Go backFriendships During Breast Cancer
They can be a confusing part of the breast cancer experience
We read quite often about the great friends: The ones who, upon hearing about your breast cancer diagnosis, immediately "circle the wagons" and mobilize a group to share the duties of driving you to your doctor's appointments, sitting with you on days you're sick, and feeding your family when you can't even think about food. Those are the best friendship stories, the ones we love to celebrate.
Most women going through the ordeal are prepared to lose their hair, their lunch, their memory, even their breasts. But few women are primed for the possibility that they may also lose previously tried and true friends along the way. Fortunately, this doesn't happen to everyone, since most friends are steadfast, but if you have already, or are now going through treatment and notice someone simply isn't showing up like they used to, either physically or emotionally, you are not alone.
What makes a friend?
Perhaps it's important to determine exactly what "friendship" means. The dictionary defines friendship as: one attached to another by affection; one that is not hostile; an acquaintance, or one who is of the same nation, party or group. You'll note that "friend" isn't necessarily someone who can handle heavy-duty adversity. Although this may be what we long for in friendship, it may not be what we get. It may not even be what we should expect.
Cancer is a transformational part of anyone’s life. For the patient, it often means enduring round after round of chemotherapy and/or radiation, vast uncertainty as to outcome, and continual worry about whether the treatments are and will continue working. As a result, the patient’s role with friends often changes dramatically.
A woman who formerly planned everything down to the last detail may now not care (or notice) whether things are done correctly. The "life of the party" may have temporarily become a party pooper. And the former leader of the pack may simply want someone else to blaze the trails. This shift can be as frustrating for the individual undergoing treatment as it is to those affected by it. And it’s glaringly obvious that these sorts of changes can test any relationship.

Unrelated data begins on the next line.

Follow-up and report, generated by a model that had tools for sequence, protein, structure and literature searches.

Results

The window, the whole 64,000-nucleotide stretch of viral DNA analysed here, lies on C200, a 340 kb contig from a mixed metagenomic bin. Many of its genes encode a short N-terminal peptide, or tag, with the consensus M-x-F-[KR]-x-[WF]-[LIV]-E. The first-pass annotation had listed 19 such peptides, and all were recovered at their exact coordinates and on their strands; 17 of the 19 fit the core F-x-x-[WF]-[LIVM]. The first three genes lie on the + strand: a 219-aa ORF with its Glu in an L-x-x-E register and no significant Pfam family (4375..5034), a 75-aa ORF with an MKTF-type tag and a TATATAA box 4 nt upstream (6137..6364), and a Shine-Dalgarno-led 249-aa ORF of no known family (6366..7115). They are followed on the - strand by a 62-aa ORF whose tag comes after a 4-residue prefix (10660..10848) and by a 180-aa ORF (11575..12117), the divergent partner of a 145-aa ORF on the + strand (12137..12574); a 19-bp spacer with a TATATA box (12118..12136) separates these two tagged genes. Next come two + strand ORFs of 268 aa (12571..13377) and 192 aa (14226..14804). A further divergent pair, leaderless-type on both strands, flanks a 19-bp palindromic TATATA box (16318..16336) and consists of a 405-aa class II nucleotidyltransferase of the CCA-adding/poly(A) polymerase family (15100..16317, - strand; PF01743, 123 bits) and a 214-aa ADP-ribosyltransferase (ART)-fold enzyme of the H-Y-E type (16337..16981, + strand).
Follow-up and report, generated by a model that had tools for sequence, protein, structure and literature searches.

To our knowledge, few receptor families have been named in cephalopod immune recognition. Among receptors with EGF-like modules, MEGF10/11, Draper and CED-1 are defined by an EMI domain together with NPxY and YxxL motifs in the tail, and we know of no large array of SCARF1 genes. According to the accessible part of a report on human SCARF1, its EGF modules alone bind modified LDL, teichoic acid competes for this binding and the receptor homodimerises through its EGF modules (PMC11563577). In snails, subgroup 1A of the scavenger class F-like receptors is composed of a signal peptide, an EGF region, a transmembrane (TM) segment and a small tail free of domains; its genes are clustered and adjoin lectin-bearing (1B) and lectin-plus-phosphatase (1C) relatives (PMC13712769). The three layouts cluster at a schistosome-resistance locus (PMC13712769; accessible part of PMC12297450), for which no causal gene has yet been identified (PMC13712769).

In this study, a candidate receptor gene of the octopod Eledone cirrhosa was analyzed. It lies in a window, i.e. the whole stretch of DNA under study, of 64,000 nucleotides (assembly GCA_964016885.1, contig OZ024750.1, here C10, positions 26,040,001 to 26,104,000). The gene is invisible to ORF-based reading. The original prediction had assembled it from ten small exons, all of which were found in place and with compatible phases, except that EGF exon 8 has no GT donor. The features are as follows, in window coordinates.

Whys and wherefores
The reasons someone goes missing during your time of need are as varied as the friends themselves. And while it hurts, it may help to consider the friend’s personality and circumstances.
A friend who is a natural "fixer"
- May feel: Ill-equipped emotionally, financially or physically to make a difference to you
- ...and therefore: They're paralyzed to do anything
A friend who is a quiet "observer"
- May feel: They'll say the wrong thing
- ...and therefore: They may say nothing at all
A friend who is a genuine "worrier"
- May feel: Afraid of your illness because it makes them vulnerable, too
- ...and therefore: They don't want to approach those feelings (or you).
In any of these cases, the friend will likely also feel ashamed to admit they are unsure how to help you.
So is there something that can be done to repair friendships worth keeping? There are certainly ways to try. Perhaps the most important step is opening up the lines of honest communication. Someone has to start the conversation, and as unfair as it seems, that someone may have to be the person dealing with breast cancer.
The friendship avenue runs both ways
If you are the patient (and you feel up to it) give them a call, send your friend an email, text or card and simply say “I miss you!” That’s all you need to convey. The ball is now in their court. If they value the friendship and are up to the task, you’ve given them an opening. Sometimes something as simple as allowing too much time to pass can create an awkward situation. Reaching out without challenging them about why they haven’t been there for you, may allow your friend the opportunity to step back into your life without feeling like they have a lot of explaining to do.
The reverse is just as true. If you are the friend, it’s not too late to pick up the phone, send an email, text or a card with the exact same sentiment. I miss you says it all and goes a long way to letting a dear friend know you would like to reconnect. If your friend is still in treatment, see if there is something you can do to make life a bit easier for them. Have a favorite funny movie? Drop off a copy. Found a new recipe you enjoy? How about preparing it and taking it over? Depending upon your friend’s current condition, it can be as simple as a book on tape, a plant – or as elaborate as a spa day or girl’s night out.
With luck and time, many of these problems resolve themselves. Unfortunately, when you are in the midst of treatment you may sincerely wish someone would wise up – and show up – and they simply can’t. While this can be hurtful, it doesn’t help you to dwell on it. If there is one thing you can learn from breast cancer, it is to allow each person the grace to be exactly who they are in the here and now – not who you wish they could be. And remember, while you are granting this courtesy to others; be sure to allow yourself the same consideration.
Don’t forget, although breast cancer may make you feel like you’ve lost some friends, you have most likely discovered new ones along the way. Going through treatment, joining support groups, even sitting in waiting rooms puts you in touch with others facing similar experiences, which often provides the seed for a new friendship. Luckily, you now have the ability (and have definitely earned the right) to define exactly what being a friend means as you move forward in your life.
This article was previously published in our Amoena Life magazine, the latest copy of which can be read online here.
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